NFL Trade Deadline: Mike Brown Deserves Credit for Dealing Carson Palmer

Tom BrewerCorrespondent IIOctober 18, 2011

Tuesday morning, Cincinnati Bengals owner Mike Brown did what he vowed not to do: trade quarterback Carson Palmer.

Brown shipped the former face of the Bengals to the Oakland Raiders for a first-round pick in the 2012 NFL draft and a conditional first-round pick in the 2013 NFL draft.

The move comes after Raiders quarterback Jason Campbell went down with a broken collarbone against the Cleveland Browns on Sunday—a week after Brown reiterated that he would not move Palmer before Tuesday’s NFL trade deadline.

The trade positions a promising young Bengals team to have an even brighter future. The Bengals could not have asked for much more.

Consider that the Washington Redskins received two sixth-round picks from the Minnesota Vikings in exchange for Donovan McNabb—of similar age and experience to Palmer—or that the Philadelphia Eagles received a second- and a third-round pick for McNabb the season before.

What the Bengals were able to acquire for Carson Palmer was amazing. Even more amazing is that all the credit belongs to Mike Brown.

Ask any Bengals fan what has been wrong with the team for the last two decades and his answer will start with ownership. Brown receives the blame for terrible draft choices like David Klingler and Akili Smith, skimping on front office personnel, and providing a fan experience only slightly more flashy than a school board meeting. Fans and writers alike (myself included) have pointed out his incompetence at every turn.

If fans and media are going to lay all the blame on Mike Brown when he makes a mistake, shouldn’t we give Mike Brown the credit when things go right? In 2011, the Bengals owner has made all the right moves.

He extended the contract of head coach Marvin Lewis. At the time, many fans rolled their eyes and complained about the need for a new voice in the locker room, but after a 4-2 start to the 2011 NFL season, the complaining has ceased.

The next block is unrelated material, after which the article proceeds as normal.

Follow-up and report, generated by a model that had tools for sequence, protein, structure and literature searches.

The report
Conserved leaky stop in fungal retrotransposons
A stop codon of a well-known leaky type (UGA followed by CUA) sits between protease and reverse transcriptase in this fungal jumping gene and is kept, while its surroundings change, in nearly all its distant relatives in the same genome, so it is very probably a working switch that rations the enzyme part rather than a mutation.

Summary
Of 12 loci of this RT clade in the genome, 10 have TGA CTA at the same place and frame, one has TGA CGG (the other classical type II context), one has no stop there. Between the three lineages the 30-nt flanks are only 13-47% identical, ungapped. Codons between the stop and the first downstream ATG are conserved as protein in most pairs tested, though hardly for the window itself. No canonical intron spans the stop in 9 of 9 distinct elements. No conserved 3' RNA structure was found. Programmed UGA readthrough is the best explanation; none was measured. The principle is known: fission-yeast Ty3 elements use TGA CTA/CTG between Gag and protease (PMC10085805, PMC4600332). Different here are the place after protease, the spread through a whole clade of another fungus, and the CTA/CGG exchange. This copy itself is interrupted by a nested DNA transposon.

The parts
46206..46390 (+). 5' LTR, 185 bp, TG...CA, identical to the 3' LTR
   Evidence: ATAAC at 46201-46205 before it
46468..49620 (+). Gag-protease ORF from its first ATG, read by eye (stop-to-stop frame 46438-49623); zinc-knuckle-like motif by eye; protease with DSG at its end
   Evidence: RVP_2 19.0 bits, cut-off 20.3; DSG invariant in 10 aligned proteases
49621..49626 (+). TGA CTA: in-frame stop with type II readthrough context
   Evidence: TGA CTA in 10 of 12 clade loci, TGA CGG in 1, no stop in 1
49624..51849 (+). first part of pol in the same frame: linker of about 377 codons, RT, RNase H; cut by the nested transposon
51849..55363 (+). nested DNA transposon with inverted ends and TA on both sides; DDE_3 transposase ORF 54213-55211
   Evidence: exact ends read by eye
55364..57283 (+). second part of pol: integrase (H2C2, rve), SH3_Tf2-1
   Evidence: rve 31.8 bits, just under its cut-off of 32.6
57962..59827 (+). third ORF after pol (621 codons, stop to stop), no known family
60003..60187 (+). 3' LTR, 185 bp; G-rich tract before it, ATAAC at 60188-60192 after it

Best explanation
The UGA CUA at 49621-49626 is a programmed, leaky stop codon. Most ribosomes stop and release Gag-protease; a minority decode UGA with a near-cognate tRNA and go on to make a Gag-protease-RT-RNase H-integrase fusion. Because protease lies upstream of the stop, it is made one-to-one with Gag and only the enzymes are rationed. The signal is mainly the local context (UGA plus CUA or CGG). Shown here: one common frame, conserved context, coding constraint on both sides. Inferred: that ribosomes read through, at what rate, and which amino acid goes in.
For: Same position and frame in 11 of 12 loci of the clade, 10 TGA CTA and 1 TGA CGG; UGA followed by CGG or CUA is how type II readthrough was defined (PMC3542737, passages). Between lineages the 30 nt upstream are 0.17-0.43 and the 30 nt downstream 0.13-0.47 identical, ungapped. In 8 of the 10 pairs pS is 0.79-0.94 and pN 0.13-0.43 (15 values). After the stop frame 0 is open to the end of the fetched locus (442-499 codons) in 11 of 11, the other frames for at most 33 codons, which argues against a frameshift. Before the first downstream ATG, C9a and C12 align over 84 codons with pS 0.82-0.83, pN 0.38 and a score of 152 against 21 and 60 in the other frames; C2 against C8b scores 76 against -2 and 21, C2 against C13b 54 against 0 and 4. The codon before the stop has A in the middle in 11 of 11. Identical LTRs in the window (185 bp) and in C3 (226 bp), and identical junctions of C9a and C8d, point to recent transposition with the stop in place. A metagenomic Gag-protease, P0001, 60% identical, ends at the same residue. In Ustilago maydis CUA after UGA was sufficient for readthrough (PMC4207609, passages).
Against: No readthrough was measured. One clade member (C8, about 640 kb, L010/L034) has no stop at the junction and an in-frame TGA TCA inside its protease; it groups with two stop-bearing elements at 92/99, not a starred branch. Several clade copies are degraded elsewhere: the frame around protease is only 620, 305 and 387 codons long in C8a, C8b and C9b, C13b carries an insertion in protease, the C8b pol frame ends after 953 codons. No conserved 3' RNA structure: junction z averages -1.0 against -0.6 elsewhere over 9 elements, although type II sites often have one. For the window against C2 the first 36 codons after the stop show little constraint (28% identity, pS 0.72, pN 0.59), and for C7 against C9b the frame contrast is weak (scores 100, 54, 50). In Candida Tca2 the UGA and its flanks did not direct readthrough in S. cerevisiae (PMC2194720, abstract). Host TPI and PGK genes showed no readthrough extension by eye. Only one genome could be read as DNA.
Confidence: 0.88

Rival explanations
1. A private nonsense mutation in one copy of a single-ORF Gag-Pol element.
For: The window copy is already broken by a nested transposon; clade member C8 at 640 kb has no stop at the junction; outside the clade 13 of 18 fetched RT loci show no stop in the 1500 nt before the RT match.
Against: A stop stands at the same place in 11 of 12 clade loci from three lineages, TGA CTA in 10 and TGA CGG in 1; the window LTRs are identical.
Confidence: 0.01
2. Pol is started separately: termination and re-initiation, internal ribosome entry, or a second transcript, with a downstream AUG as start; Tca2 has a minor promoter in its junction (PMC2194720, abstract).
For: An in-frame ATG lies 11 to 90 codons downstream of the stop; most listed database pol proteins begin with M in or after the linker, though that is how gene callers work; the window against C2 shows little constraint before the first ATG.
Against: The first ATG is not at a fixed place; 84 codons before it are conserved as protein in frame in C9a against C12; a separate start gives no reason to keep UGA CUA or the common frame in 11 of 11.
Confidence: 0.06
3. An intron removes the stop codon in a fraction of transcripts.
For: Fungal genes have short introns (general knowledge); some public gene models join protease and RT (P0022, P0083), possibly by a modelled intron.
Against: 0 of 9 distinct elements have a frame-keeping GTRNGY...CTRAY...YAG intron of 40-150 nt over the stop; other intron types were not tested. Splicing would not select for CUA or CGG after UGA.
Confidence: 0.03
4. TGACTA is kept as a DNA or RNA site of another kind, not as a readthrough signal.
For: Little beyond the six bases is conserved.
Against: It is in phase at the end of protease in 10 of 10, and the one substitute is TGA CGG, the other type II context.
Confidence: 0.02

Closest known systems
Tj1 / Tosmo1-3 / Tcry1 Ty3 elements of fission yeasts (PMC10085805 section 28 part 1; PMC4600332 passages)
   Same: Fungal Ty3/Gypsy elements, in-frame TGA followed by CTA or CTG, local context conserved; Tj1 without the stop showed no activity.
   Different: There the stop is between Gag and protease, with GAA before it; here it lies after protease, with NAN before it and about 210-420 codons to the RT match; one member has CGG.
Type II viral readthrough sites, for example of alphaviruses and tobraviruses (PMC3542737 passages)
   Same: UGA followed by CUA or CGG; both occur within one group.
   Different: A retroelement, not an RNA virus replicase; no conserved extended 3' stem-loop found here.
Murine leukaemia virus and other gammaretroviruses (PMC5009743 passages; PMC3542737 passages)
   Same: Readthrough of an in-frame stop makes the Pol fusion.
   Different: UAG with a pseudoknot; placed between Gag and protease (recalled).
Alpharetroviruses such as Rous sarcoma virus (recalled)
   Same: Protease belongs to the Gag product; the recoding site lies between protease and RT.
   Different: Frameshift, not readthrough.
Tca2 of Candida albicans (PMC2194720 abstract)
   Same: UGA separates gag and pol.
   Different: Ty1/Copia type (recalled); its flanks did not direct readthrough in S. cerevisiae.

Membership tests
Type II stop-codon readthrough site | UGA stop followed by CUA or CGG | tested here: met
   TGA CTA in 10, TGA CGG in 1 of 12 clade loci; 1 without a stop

As it turns out, the problem was not Lewis’ message, but the players who chose to ignore it.

Brown then hired new Offensive Coordinator Jay Gruden. We all questioned Brown’s judgment again as Gruden was unproven on the NFL level. Over the course of six games, the new OC has displayed a penchant for developing game plans that suit the Bengals’ strengths and take advantage of the opposition’s weaknesses. The offense is simultaneously exciting and calculating and miscommunication has been rare.

Bengals fans would have preferred a cardboard cut-out of Justin Bieber to call plays instead of former Offensive Coordinator Bob Bratkowski, but that does not change the fact that Mike Brown made a good hire.

In April, Brown drafted wide receiver A.J. Green with the fourth pick in the NFL draft. Green has lived up to the hype, hauling in 29 receptions and four touchdowns in his first six NFL games and providing a legitimate deep threat every time the orange and black have the football.

In the second round of the draft, Brown selected Andy Dalton. While Dalton is not yet a Pro Bowler, he leads the team—something Palmer was unwilling or unable to do—is comfortable in the offense and has led the Bengals to fourth quarter comeback victories.

That’s two franchise-changing picks in one draft, and Mike Brown is responsible for them.

One year of savvy decisions by Mike Brown will not erase twenty years of bumbling. There is no chance the Carson Palmer trade can undo decades of frustration around Cincinnati. Brown did not wake up this morning and discover he was a football genius. However, he closed a fantastic deal for the Bengals and fans should commend him for it.

As much as it hurts.